The SID chip inside the Commodore 64 and 128 is arguably still the gold standard for chip tunes, and the C64 itself still a decent computer for MIDI sequencing. [Frank Buss] realized most of the MIDI cartridges for the Commodore computers are either out of production or severely limited, so he set out to create his own.
Unlike the few Commodore MIDI cartridges that are available, [Frank]’s Kerberos has MIDI In, Out, and Thru, controlled by the 6850 ACIA chip, just like the old 80s interfaces. This allows the Kerberos to interface with the old Sequential Circuits, Passport, and Datel software. He’s offering the Kerberos cart up on a crowdfunding site, so if you’d like to grab your own, have at it.
Because the Kerberos is also a Flash cart, it also ships with some of this software; [Frank] got permission from Steinberg to install their Pro 16 software with the Kerberos. SID Wizard is also pre-loaded on the cart, along with a few other fabulous trackers and sequencers. Of course, there’s no requirement for the Flash portion of the cart to only host MIDI and synth software. You can always upload a few games to the cart over a MIDI interface. Video of the Kerberos below.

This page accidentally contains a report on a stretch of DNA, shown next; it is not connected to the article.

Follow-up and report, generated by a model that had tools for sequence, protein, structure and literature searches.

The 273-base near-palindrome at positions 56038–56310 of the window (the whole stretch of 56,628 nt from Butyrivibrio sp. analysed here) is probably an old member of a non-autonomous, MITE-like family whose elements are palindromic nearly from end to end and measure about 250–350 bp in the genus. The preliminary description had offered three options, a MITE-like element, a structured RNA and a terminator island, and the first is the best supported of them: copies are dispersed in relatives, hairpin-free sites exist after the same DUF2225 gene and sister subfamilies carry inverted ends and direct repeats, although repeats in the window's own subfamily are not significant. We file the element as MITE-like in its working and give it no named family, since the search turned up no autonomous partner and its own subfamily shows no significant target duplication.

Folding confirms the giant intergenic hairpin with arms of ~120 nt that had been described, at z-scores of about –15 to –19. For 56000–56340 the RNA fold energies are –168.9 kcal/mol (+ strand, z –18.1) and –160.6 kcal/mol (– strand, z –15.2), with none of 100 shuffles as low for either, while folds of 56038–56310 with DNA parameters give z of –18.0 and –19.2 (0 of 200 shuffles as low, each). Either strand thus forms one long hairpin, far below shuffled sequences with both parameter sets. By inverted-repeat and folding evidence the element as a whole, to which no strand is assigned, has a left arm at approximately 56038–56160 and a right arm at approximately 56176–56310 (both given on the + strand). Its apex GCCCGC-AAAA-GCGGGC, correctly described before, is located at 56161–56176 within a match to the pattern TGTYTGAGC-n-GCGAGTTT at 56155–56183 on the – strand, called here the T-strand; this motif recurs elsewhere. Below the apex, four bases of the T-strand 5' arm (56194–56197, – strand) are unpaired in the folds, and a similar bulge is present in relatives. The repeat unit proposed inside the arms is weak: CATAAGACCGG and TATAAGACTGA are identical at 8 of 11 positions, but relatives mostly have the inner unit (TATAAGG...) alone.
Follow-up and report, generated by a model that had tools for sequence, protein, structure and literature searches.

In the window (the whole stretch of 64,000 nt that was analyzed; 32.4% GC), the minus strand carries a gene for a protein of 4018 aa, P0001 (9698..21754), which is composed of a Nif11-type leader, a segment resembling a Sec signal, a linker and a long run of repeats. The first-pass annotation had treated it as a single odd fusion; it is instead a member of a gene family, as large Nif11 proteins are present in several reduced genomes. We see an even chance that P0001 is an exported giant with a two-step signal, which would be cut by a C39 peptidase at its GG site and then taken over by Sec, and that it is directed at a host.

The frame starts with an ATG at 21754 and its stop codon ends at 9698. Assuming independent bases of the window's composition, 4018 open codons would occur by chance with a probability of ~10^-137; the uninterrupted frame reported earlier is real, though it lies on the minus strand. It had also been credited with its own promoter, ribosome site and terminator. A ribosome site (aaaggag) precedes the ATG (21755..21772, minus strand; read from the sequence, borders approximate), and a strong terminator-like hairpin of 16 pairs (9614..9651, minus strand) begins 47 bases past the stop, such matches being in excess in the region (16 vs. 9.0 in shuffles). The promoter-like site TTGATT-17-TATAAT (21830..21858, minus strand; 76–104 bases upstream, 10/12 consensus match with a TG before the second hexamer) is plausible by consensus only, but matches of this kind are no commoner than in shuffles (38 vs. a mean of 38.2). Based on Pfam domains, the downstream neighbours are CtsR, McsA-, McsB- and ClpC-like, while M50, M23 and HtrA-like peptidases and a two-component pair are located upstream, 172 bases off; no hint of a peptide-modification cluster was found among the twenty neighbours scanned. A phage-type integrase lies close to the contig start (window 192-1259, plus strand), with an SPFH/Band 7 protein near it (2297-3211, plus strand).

Continue reading “C64 MIDI and Flash Cart”
It’s no secret that Commodore users love their old machines with the Commodore C64 being chief among them with 27 Million units sold worldwide. Speaking as a former Commodore Business Machines (CBM) engineer the real surprise for us is the ongoing interest and devotion to an era typified by lumbering 8 bit machines and a color palette consisting of 16 colors. Come to think about it, that’s the description of Minecraft!
Jump forward to today and it’s a generation later. We find that the number of working units is diminishing as age and the laws of entropy and physics take their toll.